Bounty of Novel Drugs Ushers In New Era for ALK-Positive NSCLC

Jane de Lartigue, PhD
Published: Tuesday, Feb 13, 2018
lung cancer
During the past decade, ALK inhibitors have followed a rapid trajectory from bench to bedside, taking over from chemotherapy as standard frontline treatment for patients with advanced non– small-cell lung cancer (NSCLC) with ALK gene rearrangements.

The first-to-market advantage went to crizotinib (Xalkori), which was initially approved in 2011. That drug has been joined by 3 more potent ALK inhibitors for use in the secondline setting for patients with locally advanced or metastatic disease: alectinib (Alecensa), ceritinib (Zykadia), and brigatinib (Alunbrig). Now, a new era is shaping up in the treatment of ALK-positive NSCLC. Indications for alectinib and crizotinib have recently been expanded into frontline settings and findings from the ALEX trial have demonstrated alectinib’s superiority over crizotinib.

The main limitation concerning the impact of these drugs is the development of resistance, which typically arises quickly and often involves progression to the central nervous system (CNS). Newer ALK inhibitors continue to be developed to counter resistance mechanisms.

Particularly noteworthy, lorlatinib targets the broadest range of resistance mechanisms to date and, if approved, might add to a therapeutic arsenal that could be deployed sequentially over time as the tumor evolves, with the potential to transform ALK-positive NSCLC into a chronic disease.

Adopting Orphan ALK

As its name suggests, the anaplastic lymphoma kinase is a receptor tyrosine kinase that was first identified through its aberrant expression in anaplastic large cell lymphoma.1

ALK spans the cell membrane, with its tyrosine kinase region located on the inside of the cell and, following ligand binding, it activates a complex network of different proteins involved in a variety of signaling networks, including the Janus kinase/ signal transducer and activator of transcription, phosphatidylinositol-3-kinase/ AKT, and mitogen-activated protein kinase pathways (FIGURE2).


Figure. ALK Signaling Pathways in Lung Cancer2

ALK Signaling
Beyond this, little is known about the precise biological function of the ALK protein and, until recently, it was considered an “orphan” receptor, with no known activating ligand. Studies have established the augmentor α and β proteins (also known as FAM150B and A, respectively) as the ligands for ALK. Other research suggested that heparin may act as an ALK ligand, but this has not been confirmed in subsequent work, although it may bind to FAM150A and regulate ALK activation in that manner.3

A Lung Cancer Driver

In 2007, a chromosomal rearrangement involving the ALK gene, which resulted in the expression of a dysfunctional fusion protein, was identified in a resected tumor specimen from a 62-year old patient with lung cancer.4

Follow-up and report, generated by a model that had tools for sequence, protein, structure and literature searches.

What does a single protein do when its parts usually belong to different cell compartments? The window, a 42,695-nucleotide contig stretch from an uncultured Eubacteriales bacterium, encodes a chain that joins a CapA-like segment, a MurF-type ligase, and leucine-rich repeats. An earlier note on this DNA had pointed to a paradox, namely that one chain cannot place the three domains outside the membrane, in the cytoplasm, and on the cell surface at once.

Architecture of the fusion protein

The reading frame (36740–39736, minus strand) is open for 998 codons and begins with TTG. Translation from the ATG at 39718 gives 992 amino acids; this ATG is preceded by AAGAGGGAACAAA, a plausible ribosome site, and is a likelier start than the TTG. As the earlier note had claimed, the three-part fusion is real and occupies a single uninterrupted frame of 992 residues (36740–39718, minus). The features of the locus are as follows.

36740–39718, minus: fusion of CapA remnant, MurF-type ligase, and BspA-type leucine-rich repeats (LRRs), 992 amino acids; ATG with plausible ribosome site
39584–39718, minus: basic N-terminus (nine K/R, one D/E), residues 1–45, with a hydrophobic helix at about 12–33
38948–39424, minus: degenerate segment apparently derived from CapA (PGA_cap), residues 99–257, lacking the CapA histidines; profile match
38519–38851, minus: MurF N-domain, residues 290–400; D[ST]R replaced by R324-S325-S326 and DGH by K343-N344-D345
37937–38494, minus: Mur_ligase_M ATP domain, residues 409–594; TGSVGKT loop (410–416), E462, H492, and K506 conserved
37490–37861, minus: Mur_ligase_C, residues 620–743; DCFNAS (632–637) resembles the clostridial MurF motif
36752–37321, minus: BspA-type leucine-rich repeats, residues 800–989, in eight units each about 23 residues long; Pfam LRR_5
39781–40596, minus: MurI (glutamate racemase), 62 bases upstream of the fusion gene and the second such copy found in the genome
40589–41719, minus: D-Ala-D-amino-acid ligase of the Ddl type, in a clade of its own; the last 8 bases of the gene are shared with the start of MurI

Although ALK fusions are found in other types of lung cancer,5 they are most prevalent and best characterized in NSCLC. Multiple types of ALK fusions now have been identified in patients with NSCLC, but the most common is the EML4-ALK fusion. A small inversion in chromosome 2 results in the fusion of the front end of the echinoderm microtubule-associated protein-like 4 (EML4) gene to the back end of the ALK gene.

More than a dozen variants of the EML4-ALK fusion have been identified in NSCLC to date, but all retain the ALK kinase domain, juxtaposed to EML4’s promoter, which results in unfettered activation of ALK. This drives many of the hallmarks of cancer cells through hyperactivation of downstream pathways that play fundamental roles in cell growth, proliferation, and survival, among other cellular processes.

ALK fusions are estimated to occur in between 3% and 7% of cases of NSCLC and define a distinct clinical and histological subset of the malignancy; patients are typically younger, never or light smokers, and have adenocarcinoma histology.6-8

Bench to Bedside

National Comprehensive Cancer Network (NCCN) and International Association for the Study of Lung Cancer guidelines recommend testing all patients who present with advanced NSCLC for ALK fusions because clinical trials have demonstrated the sensitivity of ALK-positive cancers to ALK inhibition.9,10

The development of ALK inhibitors has become a shining example of the power of personalized medicine, with a growing number of these agents proceeding from bench to bedside in the span of less than a decade and replacing chemotherapy as the preferred frontline option in the treatment of patients with ALK-positive NSCLC.

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TitleExpiration DateCME Credits
Medical Crossfire®: Translating Recent Data Into Informed Sequencing Decisions in Advanced Non–Small Cell Lung CancerMar 31, 20182.0
Year in Review™: Clinical Impact of Immunotherapies in the Treatment of CancerMar 31, 20182.0
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